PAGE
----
It has not, for the number of people who grew up watching Test cricket and continue to love it is still significant. Besides, the recent competitiveness among Test-playing nations has probably added to the positivity among the survey's responders.
The past couple of months have been a great advertisement for the long form, with India registering their first ever Test series victory in Australia, West Indies humbling England, and Sri Lanka becoming the first Asian country to win a series in South Africa.
"Test cricket has had the most incredible year and that has contributed to the strong support for Test cricket," said Sri Lankan batting great Kumar Sangakkara, a member of the MCC World Cricket Committee.
"There’s huge competition amongst the top countries at the moment and it makes for exciting competition. It is brilliant news fans are backing the great cricket being played the world over."
Dave Richardson, the ICC's outgoing chief executive, has himself disagreed with Manohar and provided a strong piece of evidence to support the notion that Test cricket is in decent shape.
"We have got more than a billion fans that follow cricket – 68 per cent of them are fans of all three formats of the game, which means that close to 700 million people are fans of Test cricket," Richardson said last month. "So it is wrong to say that Test cricket is dying."
The former South Africa wicketkeeper-batsman, however, pointed to a change in viewing habits. "Maybe the way that people are following Test cricket is different to what it was say 10, 20 years ago," he said.
For instance, while people may not be able to watch entire matches, they are taking short breaks from work to catch a glimpse of the action. There are those following the scores online, so the interest is definitely there.
Richardson's point is also instructive in that cricket will continue to offer multiple options of entertainment that fans can pick and choose from.
Whether you agree that Test cricket is dying or not, there is little debate that it faces a few hurdles.
The MCC survey did point to key challenges in increasing attendances at and viewership of Tests, including cost and availability of ticket and increased access in free-to-air TV. Also, how do you persuade children growing up on a T20 diet to pay more attention to five-day matches.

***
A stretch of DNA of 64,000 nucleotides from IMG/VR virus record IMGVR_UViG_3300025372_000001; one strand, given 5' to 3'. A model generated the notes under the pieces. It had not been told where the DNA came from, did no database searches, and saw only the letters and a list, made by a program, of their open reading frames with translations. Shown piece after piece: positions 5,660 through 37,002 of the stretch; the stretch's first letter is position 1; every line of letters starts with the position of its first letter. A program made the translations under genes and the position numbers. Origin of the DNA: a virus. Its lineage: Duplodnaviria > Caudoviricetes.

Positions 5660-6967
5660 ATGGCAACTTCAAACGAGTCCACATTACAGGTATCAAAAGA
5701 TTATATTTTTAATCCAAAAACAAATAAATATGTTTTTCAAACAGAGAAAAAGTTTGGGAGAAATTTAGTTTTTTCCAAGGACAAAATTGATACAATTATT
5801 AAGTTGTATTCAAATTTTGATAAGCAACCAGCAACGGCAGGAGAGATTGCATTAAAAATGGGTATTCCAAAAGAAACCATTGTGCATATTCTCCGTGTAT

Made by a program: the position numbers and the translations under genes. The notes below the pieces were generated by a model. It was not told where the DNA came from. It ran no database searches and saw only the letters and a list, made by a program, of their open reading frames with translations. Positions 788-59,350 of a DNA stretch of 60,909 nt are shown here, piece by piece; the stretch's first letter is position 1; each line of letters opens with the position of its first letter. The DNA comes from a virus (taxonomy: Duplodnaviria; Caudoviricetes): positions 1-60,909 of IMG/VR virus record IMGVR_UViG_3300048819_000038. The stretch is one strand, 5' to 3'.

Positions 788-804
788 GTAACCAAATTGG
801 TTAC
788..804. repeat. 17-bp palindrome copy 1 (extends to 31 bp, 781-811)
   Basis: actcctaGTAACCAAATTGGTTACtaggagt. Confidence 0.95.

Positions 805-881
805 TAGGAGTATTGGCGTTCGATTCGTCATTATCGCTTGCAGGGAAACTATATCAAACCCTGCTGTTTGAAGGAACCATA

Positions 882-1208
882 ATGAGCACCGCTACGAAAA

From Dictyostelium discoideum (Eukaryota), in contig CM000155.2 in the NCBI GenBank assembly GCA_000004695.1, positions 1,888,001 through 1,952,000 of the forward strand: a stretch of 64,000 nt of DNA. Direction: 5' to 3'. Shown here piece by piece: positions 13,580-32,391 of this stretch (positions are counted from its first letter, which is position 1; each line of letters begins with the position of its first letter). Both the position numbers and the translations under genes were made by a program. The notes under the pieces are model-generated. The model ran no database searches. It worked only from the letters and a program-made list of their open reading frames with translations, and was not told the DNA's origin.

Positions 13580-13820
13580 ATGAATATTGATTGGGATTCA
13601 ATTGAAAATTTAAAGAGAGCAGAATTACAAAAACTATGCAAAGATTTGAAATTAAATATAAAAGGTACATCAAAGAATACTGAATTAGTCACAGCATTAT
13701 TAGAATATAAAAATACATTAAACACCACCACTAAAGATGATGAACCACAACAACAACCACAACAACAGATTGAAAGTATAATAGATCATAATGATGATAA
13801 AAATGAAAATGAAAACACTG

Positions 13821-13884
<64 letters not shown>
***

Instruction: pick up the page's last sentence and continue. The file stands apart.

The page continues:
The ICC is working on solutions, as Manohar pointed out.
There is hope the World Test Championship, to be launched this year, will give Test cricket more relevance. Bilateral series, with the exception of the Ashes, have for a long time been suffering from a lack of context. It is fair to ask, for instance, what the big deal is about India beating England in their own backyard or vice versa.
Does this make for better viewing?
... or does this make for better viewing?
The Test championship solution, first proposed in 2009 but approved only in 2017, aims to tie these meaningless bilateral exchanges into a larger competition played over two years. In essence, it is the Test world cup.
There are other solutions in the research-and-development phase – including day-night games and four-day matches – which no doubt have their issues but nonetheless are worth trying out if only to make the game more palatable to the modern viewer.
A suggestion worth giving some thought, one that was offered by The National's Paul Radley, is playing Tests at smaller venues which are easier to fill with spectators. Granted this might be for cosmetic effect. But small venues are more intimate. Just visit the ICC Academy Ground in Dubai Sports City and the nurseries around Zayed Cricket Stadium in Abu Dhabi.
Broadcasters might be hard to persuade given the logistical challenges of covering matches inside small arenas. But even they will agree stands packed with people will help lift the morale of the players and make for good TV.